Tag Archives: Bubo virginianus

My First Glimpse of Fawns This Year, 07-02-19

I got up around 5:30 this morning so I could get over to the Effie Yeaw Nature Preserve and begin my monitoring of my milkweed plot there for evidence of Monarch Butterflies. I finished that (with the help of my friend and co-naturalist Roxanne Moger) around 8:30.

It was still relatively cool outside, so Roxanne and I decided to put our tools back into our car and walk for a little while.  We came across some cooperative squirrels and a Desert Cottontail rabbit, and also checked out the tree where I’d seen the feral beehive earlier.  There were about three times as many bees at the spot, so I’m assuming the queen has decided to set up shop there.

 The surprise sighting was coming across another doe – with twin fawns!  She was keeping them well-hidden in the shade and tall grass, but we were able to catch glimpses of them. And we couldn’t help but chuckle when the babies went stotting through the grass with mom chasing after them.  They’re so tiny but soooo active! They’re the first fawns I’ve seen this year and that’s always exciting.

As we were leaving the preserve, I could hear a Ground Squirrel’s alarm call and looked around to see if I could spot what the trouble might be. I saw movement overhead and spotted an adult Red-Shouldered Hawk fly overhead. It landed in a nearby tree and then sat there for quite a while, so we were able to get quite a few photos of it.  So, even though our walk was only a single loop, we got to see quite a bit… which is always fun.

An adult Red-Shouldered Hawk, Buteo lineatus

CLICK HERE for the album of photos.

We walked for about 2 hours before calling it quits and going to breakfast.

Species List:

  1. Asian Ladybeetle, Harmonia axyridis,
  2. Bewick’s Wren, Thryomanes bewickii,
  3. Black Walnut Erineum Mite gall,
  4. California Bay, Umbellularia californica,
  5. California Black Walnut, Juglans californica,
  6. California Ground Squirrel, Otospermophilus beecheyi,
  7. California Mugwort, Artemisia douglasiana,
  8. California Scrub Jay, Aphelocoma californica,
  9. California Towhee, Melozone crissalis,
  10. Columbian Black-Tailed Deer, Odocoileus hemionus columbianus,
  11. Common Green Lacewing, Chrysoperla carnea,
  12. Coyote Brush, Baccharis pilularis,
  13. Coyote Mint, Monardella villosa,
  14. Crown Whitefly, Aleuroplatus coronata,
  15. Desert Cottontail, Sylvilagus audubonii,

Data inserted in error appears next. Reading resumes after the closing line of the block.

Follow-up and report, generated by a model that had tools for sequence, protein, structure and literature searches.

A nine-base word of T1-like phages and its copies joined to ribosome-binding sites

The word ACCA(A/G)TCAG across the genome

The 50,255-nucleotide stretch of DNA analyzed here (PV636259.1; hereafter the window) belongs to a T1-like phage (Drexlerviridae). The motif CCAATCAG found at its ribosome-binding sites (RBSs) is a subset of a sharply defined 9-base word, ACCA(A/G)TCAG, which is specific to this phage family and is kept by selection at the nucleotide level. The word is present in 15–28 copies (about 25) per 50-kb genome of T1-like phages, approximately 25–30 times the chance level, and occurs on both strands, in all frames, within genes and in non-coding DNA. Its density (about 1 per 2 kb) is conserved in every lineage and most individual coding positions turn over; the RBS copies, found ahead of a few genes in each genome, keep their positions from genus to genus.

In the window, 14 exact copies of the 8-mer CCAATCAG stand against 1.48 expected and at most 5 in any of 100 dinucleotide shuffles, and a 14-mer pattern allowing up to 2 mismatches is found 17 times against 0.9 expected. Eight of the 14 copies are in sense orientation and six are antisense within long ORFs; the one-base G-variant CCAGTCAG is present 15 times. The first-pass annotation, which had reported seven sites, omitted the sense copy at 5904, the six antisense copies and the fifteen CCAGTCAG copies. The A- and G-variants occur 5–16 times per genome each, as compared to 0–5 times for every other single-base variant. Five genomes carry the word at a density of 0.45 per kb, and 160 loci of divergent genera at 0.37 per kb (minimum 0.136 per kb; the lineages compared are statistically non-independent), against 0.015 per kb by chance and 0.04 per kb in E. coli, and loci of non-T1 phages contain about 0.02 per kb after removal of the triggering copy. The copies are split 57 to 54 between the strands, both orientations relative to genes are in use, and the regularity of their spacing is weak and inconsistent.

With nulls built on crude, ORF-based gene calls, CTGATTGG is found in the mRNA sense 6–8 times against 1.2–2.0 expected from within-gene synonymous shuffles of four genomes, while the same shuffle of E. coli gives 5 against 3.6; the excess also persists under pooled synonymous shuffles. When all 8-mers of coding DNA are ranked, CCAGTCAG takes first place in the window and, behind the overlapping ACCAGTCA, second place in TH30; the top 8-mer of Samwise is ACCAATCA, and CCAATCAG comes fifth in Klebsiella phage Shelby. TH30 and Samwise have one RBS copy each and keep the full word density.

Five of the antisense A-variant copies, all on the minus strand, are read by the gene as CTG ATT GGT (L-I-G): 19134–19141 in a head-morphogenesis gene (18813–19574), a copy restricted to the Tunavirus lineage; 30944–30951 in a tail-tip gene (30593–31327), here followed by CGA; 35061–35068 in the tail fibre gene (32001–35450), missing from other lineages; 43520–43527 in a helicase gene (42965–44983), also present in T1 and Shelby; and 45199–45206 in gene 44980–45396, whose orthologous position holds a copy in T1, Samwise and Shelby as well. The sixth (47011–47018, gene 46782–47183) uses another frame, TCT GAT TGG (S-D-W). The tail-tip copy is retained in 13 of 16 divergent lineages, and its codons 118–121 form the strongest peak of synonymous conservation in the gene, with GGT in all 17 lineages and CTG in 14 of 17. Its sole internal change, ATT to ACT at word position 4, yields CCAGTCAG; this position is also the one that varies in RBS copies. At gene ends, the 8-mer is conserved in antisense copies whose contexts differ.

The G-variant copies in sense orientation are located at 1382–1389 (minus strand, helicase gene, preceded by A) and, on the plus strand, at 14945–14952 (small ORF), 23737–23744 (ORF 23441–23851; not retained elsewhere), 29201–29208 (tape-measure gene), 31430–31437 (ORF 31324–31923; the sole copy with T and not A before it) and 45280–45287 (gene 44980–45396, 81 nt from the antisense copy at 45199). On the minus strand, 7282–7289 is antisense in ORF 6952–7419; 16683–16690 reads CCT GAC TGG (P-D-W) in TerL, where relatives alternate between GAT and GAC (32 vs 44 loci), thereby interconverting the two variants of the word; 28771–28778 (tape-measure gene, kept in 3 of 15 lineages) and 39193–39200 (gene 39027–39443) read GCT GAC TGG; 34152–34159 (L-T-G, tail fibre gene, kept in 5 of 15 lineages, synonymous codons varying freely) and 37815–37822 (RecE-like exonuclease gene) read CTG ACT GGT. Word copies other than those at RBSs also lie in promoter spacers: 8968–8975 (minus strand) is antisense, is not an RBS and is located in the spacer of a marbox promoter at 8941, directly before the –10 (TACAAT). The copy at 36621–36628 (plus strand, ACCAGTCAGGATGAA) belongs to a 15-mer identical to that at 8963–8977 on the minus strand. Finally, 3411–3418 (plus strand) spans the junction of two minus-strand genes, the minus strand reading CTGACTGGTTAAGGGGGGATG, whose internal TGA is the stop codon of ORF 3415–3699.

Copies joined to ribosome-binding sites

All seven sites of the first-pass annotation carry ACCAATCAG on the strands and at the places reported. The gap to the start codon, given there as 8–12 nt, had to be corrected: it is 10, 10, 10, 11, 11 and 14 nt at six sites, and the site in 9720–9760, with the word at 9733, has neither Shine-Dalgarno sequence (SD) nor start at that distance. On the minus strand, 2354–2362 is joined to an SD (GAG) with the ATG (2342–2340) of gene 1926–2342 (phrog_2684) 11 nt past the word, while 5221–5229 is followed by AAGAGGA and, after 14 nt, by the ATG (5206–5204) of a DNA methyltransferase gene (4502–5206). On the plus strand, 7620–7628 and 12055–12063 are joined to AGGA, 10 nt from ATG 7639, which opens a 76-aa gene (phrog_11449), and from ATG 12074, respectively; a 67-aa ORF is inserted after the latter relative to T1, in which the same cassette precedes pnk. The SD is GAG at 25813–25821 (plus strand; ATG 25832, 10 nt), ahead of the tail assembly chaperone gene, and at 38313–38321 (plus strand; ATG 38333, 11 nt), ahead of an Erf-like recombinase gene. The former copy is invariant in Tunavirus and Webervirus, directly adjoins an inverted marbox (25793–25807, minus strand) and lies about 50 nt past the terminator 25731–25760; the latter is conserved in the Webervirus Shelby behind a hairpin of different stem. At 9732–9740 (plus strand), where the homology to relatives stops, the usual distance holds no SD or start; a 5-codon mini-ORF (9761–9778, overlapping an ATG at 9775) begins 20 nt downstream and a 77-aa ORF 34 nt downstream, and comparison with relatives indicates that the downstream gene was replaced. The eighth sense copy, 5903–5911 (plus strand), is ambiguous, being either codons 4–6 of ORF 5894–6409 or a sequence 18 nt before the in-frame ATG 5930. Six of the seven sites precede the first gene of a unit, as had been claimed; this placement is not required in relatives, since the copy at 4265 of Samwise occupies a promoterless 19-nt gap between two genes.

16. Eastern Fox Squirrel, Sciurus niger,
  17. European Honeybee, Apis mellifera,
  18. European Praying Mantis, Mantis religiosa,
  19. Feral Honeybees, Apis mellifera,
  20. Goldwire, Hypericum concinnum,
  21. Great Horned Owl, Bubo virginianus,
  22. Green Leafhopper, Empoasca sp.,
  23. Green Stink Bug, Chinavia hilaris,
  24. Interior Live Oak, Quercus wislizeni,
  25. Jumping Spider, Hentzia sp.,
  26. Lords-And-Ladies, Arum maculatum,
  27. Meadow Spittlebug, Philaenus spumarius,
  28. Oak Titmouse, Baeolophus inornatus,
  29. Oleander Aphid, Aphis nerii,
  30. Pumpkin Gall Wasp, Dryocosmus minusculus,
  31. Red Mite, Spider Mite, Tetranychus urticae,
  32. Red-Shouldered Hawk, Buteo lineatus,
  33. Rio Grande Wild Turkey, Meleagris gallopavo intermedia,
  34. Showy Milkweed, Asclepias speciosa,
  35. Spotted Lady’s Thumb, Persicaria maculosa,
  36. Spotted Towhee, Pipilo maculatus
  37. Trashline Orb Weaver Spider, Cyclosa conica,
  38. Twenty-spotted Lady Beetle, Psyllobora vigintimaculata,
  39. Valley Oak, Quercus lobata,
  40. Yarrow, Achillea millefolium,
  41. Yellow Sac Spider, Cheiracanthium mildei,

Bugs and Birds Mostly, 05-29-19

I got up at 5:30 this morning. I would have slept in a tiny bit more, but Sergeant Margie needed to get outside to pee. Since I was up, I decided to stay up and head over to the Effie Yeaw Nature Preserve for a walk. It was about 55° when I got there, and almost 70° when I left.

I saw a lot of the usual suspects at the preserve. Still very few deer around; the boys are off getting their antlers and the girls are off getting ready to give birth to their fawns.